After months of requests from reporters, a California university has agreed to allow members of the media to attend a fundraiser next week featuring Sarah Palin.
Officials with California State University, Stanislaus issued an e-mail advisory Friday announcing that the June 25 gala at its Turlock campus would be open to the press. The Associated Press has been requesting access to the event since mid-April.
Palin's appearance has generated widespread coverage and criticism since it was announced in March. University officials have refused to divulge the terms of the former Alaska governor's contract or her speaking fee for the event, where the least expensive tickets cost $500.
$arah Palin continues to feather her nest with wide-ranging speaking engagements as well as to demonstrate some pickiness with regard to which Republican candidates (and for which political office) she will actively support. This has not pleased some of her supporters.
In choosing Branstad, Palin skipped over businessman Bob Vander Plaats, a tea party favorite, in favor of a former governor with a strong chance of returning to office - and wielding political power when the Iowa presidential caucuses roll around.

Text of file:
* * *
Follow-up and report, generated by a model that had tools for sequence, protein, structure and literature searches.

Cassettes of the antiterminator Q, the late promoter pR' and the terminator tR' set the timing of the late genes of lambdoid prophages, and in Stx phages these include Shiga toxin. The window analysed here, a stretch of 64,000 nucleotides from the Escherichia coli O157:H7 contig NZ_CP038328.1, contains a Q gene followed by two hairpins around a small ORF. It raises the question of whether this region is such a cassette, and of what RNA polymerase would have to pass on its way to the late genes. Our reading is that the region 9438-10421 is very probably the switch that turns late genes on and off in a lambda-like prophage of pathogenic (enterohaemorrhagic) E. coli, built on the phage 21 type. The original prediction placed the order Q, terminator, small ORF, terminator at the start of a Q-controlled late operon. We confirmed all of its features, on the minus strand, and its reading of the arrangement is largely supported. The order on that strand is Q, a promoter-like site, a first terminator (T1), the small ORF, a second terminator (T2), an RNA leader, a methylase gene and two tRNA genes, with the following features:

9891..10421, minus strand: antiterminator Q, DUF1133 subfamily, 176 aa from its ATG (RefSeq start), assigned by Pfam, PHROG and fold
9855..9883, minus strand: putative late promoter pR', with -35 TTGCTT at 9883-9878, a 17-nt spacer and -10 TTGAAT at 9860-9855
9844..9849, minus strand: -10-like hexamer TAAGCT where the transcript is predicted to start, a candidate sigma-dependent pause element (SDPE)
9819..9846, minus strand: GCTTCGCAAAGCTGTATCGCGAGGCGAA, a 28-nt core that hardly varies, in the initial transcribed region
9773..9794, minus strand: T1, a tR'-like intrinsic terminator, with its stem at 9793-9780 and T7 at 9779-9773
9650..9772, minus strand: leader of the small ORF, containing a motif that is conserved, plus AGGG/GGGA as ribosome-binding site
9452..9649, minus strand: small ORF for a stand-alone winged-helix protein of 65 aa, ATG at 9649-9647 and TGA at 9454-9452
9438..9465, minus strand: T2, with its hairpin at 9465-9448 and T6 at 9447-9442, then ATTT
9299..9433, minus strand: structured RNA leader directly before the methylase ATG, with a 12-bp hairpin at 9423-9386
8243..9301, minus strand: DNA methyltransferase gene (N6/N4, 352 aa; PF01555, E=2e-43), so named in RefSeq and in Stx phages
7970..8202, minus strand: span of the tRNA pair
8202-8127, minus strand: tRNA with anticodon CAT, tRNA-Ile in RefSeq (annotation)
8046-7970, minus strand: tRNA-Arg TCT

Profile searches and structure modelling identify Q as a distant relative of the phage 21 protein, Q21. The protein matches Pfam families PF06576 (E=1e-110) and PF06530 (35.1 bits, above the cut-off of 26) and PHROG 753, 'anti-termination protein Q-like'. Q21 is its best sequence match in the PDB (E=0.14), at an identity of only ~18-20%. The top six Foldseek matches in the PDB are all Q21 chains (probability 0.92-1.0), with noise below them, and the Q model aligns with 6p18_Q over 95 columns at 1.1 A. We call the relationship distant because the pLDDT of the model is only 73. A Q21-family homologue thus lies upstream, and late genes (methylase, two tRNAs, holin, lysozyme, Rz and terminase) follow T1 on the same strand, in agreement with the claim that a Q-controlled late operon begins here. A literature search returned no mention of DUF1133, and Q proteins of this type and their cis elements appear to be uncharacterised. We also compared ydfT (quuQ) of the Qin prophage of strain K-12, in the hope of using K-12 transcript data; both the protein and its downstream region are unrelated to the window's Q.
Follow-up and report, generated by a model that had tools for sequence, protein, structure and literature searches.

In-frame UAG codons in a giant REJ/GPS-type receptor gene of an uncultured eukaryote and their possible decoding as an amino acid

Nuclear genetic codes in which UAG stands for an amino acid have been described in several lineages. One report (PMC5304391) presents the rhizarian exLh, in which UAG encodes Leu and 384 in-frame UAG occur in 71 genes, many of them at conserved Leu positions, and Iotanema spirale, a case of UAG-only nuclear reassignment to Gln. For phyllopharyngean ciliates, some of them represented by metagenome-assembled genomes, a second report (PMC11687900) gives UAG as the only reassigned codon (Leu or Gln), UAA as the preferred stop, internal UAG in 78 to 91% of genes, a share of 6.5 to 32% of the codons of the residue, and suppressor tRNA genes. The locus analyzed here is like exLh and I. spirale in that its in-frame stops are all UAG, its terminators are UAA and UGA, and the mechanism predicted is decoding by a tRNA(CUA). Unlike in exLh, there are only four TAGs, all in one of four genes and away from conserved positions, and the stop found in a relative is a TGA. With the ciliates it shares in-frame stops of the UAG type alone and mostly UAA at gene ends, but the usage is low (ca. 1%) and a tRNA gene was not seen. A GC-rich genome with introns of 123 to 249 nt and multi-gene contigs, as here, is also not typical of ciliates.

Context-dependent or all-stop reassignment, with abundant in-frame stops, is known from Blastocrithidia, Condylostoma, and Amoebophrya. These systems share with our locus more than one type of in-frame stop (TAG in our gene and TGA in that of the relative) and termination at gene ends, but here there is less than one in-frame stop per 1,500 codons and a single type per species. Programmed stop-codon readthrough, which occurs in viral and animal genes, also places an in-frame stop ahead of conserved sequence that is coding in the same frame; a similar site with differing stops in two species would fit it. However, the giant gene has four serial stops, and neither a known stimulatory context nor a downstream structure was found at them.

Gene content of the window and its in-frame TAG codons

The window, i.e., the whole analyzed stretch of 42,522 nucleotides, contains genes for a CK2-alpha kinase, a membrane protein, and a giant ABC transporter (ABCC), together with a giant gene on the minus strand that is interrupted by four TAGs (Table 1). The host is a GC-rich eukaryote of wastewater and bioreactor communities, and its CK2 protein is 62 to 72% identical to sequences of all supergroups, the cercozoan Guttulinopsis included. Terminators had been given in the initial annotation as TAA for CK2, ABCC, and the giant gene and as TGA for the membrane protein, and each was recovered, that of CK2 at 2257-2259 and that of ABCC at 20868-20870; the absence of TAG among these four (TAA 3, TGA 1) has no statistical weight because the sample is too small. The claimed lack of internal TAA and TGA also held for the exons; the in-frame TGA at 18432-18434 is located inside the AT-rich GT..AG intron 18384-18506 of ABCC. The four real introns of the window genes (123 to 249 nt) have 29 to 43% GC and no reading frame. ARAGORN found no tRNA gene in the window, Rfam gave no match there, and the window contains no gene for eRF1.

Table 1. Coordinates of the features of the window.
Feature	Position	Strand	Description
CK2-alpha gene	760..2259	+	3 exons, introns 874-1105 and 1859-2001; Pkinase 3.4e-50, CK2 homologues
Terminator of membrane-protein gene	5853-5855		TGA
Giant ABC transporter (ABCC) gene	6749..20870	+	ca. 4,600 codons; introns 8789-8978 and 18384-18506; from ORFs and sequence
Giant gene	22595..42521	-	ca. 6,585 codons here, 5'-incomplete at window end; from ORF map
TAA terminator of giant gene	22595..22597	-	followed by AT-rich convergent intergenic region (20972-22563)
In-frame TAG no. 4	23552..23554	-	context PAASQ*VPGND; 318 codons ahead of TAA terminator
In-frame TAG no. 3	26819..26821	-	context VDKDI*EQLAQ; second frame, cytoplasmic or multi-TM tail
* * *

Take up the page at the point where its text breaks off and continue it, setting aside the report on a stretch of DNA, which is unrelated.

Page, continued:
"She's playing her cards, and trying to set herself up" for making a push, should she run, said Dante Scala, an associate professor of political science at the University of New Hampshire who is watching to see who, or whether, Palin endorses in his state.
Palin also backed former Hewlett-Packard chief executive Carly Fiorina in the California Senate primary, and got a backlash on Facebook, a preferred way for Palin to communicate with supporters.
To critics who said Fiorina was a Republican in name only, Palin countered: "Most importantly, Carly is the only conservative in the race who can beat Barbara Boxer. That's no RINO. That's a winner."
For some conservatives, that's also a problem. Shelby Blakely, executive director of the Tea Party Patriots' online publication, New Patriot Journal, said Palin's endorsement has become "so undependable, it's marginalized itself." While she once thought highly of Palin, Blakely said that during the past two years the "Going Rogue" author has gone more establishment, and Palin's failure to criticize her own party is bothersome. [...]
Whatever the impact on her wider public, Palin's endorsement translates into crowds and valuable media attention for her preferred candidates, and her message - flowing via her social networks - reaches millions of people.